Weekend links 505

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An imaginary book cover by Toby Melville-Brown.

• At the Internet Archive (for a change): Directory 1979, a collection of John Cooper Clarke’s poetry designed by Barney Bubbles; 25 issues of Wrapped in Plastic, the magazine devoted to all things David Lynch; and Cinefantastique, 1970–2002, the magazine about special effects in cinema whose making-of articles were often the first such analyses published anywhere. No contents list for the latter, unfortunately, but the covers shown here give an idea of the main features.

• “Physicist Andreas Schinner recounted a rumor that the Voynich manuscript can be ‘pure poison’ for a scholarly career, because when studying the manuscript there’s ‘always an easy option to make a ridiculous mistake.'” Jillian Foley on the strange quest to decipher the Voynich manuscript.

• At the BFI: Stephen Puddicombe examines six mysterious paintings on film, and Anna Bogutskaya selects ten examples of Lovecraftian cinema. Regarding the latter, I deplore the omission of Huan Vu’s Die Farbe (2011).

• In The Driver’s Seat: Neil Fox on the demented fun of Nicolas Winding Refn’s streaming site for cinematic obscurities, ByNWR.

• “Feed your head”: Akim Reinhardt on the progress of a White Rabbit from Charles Lutwidge Dodgson’s novel to Grace Slick’s song.

• Mixes of the week: Marshland: The Andrew Weatherall Mix, and Music’s Not For Everyone, hours of Weatherall mixes at NTS.

Borderland, an album of music by Fordell Research Unit based on The House on the Borderland by William Hope Hodgson.

• At Dangerous Minds: Thirteen-year-old Mariangela and her adventurous pop album, produced by Vangelis, 1975.

• Heavy Metal, Year One: Kory Grow on the inside story of Black Sabbath’s groundbreaking debut.

• “Theire Soe Admirable Herbe”: How the English Found Cannabis by Benjamin Breen.

Derek Jarman and friends in Dungeness: unseen pictures.

Closing periods at Flickr.

Heavy Rock (1976) by Sound Dimension | Heavy Denim (1994) by Stereolab | Heavy Soul (2002) by The Black Keys

Illustrating Zothique

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Cover art by George Barr, 1970.

A few years ago I wrote a short piece about Virgil Finlay’s illustrations for a Zothique story by Clark Ashton Smith, The Garden of Adompha, so this post may be regarded as a more substantial sequel. If Smith remains something of a cult author then Zothique is the pre-eminent cult creation from his career as a writer of weird fiction. Most of Smith’s stories can be grouped together according to their location: Atlantis, Hyperborea, Averoigne in medieval France, the planet Mars, and so on. Zothique was a more original conception than his other worlds, being the last continent on Earth in the final years of the planet, an idea which had precedents in earlier novels such as William Hope Hodgson’s The Night Land but which hadn’t been used before as a setting for a cycle of stories. The distant future suggests science fiction but, as with the Zothique-influenced Dying Earth of Jack Vance, science and technology is long-forgotten and sorcery rules the day. The poetry that Smith wrote before he took to writing short stories had a distinctly Decadent quality—”like a verbal Gustave Moreau painting“—and Zothique is a richly Decadent world, with the entire planet in a state of decay along with its barbarous, demon-worshipping peoples.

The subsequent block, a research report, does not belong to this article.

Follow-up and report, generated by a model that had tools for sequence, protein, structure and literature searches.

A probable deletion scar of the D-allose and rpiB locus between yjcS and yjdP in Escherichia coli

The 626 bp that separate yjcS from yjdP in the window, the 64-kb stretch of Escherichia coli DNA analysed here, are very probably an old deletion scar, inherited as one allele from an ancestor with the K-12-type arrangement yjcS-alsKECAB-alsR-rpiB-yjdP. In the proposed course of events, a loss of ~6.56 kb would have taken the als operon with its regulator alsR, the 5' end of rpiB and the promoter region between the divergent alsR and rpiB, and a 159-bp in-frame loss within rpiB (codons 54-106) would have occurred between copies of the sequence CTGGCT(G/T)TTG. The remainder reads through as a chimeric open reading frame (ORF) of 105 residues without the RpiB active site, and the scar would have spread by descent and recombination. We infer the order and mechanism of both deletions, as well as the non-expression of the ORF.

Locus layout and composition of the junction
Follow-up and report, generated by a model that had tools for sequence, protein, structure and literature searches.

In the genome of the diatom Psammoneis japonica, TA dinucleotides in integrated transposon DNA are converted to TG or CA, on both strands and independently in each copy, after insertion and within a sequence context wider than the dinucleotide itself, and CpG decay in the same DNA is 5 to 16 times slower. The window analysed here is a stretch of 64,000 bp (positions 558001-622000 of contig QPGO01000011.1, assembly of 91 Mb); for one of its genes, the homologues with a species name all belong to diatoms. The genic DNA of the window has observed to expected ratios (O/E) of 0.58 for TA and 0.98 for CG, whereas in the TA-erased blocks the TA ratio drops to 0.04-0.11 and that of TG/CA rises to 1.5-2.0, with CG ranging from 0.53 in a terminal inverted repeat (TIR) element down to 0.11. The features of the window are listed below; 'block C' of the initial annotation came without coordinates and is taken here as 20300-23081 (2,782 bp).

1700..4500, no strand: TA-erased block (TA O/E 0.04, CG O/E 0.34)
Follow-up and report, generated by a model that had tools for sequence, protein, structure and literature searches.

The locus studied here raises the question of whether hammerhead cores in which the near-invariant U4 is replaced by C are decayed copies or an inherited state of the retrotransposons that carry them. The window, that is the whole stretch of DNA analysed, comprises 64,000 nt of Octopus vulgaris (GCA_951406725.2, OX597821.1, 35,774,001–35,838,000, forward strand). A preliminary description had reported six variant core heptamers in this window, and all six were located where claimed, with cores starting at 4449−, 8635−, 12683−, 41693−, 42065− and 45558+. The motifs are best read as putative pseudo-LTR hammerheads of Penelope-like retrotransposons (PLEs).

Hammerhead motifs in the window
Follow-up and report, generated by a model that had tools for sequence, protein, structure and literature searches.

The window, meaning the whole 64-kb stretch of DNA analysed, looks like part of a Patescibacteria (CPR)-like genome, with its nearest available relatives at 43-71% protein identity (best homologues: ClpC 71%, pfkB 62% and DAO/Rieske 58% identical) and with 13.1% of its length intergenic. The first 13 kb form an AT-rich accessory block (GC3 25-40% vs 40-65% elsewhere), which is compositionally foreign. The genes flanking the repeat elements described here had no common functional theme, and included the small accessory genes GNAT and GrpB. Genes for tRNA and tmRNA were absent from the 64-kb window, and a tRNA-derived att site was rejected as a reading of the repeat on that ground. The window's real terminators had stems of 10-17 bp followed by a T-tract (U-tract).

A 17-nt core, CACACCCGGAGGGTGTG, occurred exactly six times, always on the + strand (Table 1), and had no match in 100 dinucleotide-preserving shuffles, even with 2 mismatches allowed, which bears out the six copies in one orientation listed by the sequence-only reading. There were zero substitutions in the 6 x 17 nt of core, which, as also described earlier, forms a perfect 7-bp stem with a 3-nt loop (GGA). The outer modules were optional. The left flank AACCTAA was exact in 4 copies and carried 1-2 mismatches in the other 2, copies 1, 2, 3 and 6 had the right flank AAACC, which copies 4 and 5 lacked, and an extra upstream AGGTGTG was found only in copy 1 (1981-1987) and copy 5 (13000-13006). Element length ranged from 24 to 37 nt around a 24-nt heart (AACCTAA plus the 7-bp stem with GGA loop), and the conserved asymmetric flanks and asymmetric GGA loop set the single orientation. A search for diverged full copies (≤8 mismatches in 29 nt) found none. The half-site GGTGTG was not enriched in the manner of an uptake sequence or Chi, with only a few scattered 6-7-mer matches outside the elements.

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Weird Tales, September 1932. Art by T. Wyatt Nelson.

All the Zothique stories had their first printings in Weird Tales, a magazine that ran illustrations with most contributions, but unless you’re a pulp collector many of the illustrations have been difficult to see until very recently. One of the pleasures of looking through fiction magazines is seeing how their stories might have been illustrated when they were first published. Popular tales eventually find their way into book collections but their illustrations tend to be marooned in the titles where they first appeared unless the artist is of sufficient merit to warrant a collection of their own.

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Weird Tales, March 1933. Art by Jayem Wilcox.

The examples here are all from recent uploads at the Internet Archive which now has a complete run of Weird Tales from 1923 to 1954. The illustrations also run in order of publication with links to the relevant issues, although I agree with Lin Carter’s ordering of the stories. Smith never organised them himself, and the later reprints from Arkham House and others tend to scatter them through separate volumes. When Lin Carter edited the Zothique collection in 1970 he put the stories into an order that follows the very loose chronology running through the cycle.

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Weird Tales, January 1934. Art by Clark Ashton Smith.

One surprise of this search was discovering that Smith himself had provided illustrations for several of the stories. Some Smith enthusiasts like his drawings and paintings but I’m afraid I’m not among them, his sculpture work is better. It’s doubtful that these would have been printed at all if they weren’t the work of the author.

Continue reading “Illustrating Zothique”

Weekend links 477

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Edge of Industry (2009) by Anne Starling.

• “In her darkroom with her silver salts and gelatine plates, she experimented with the mercurial effects of light, time and temperature.” Hailey Maxwell on the photographic art of Dora Maar.

• A Visionary Work Renew’d: A conversational review of Swan River Press edition of William Hope Hodgson’s The House on the Borderland by the late Sam Gafford & The joey Zone.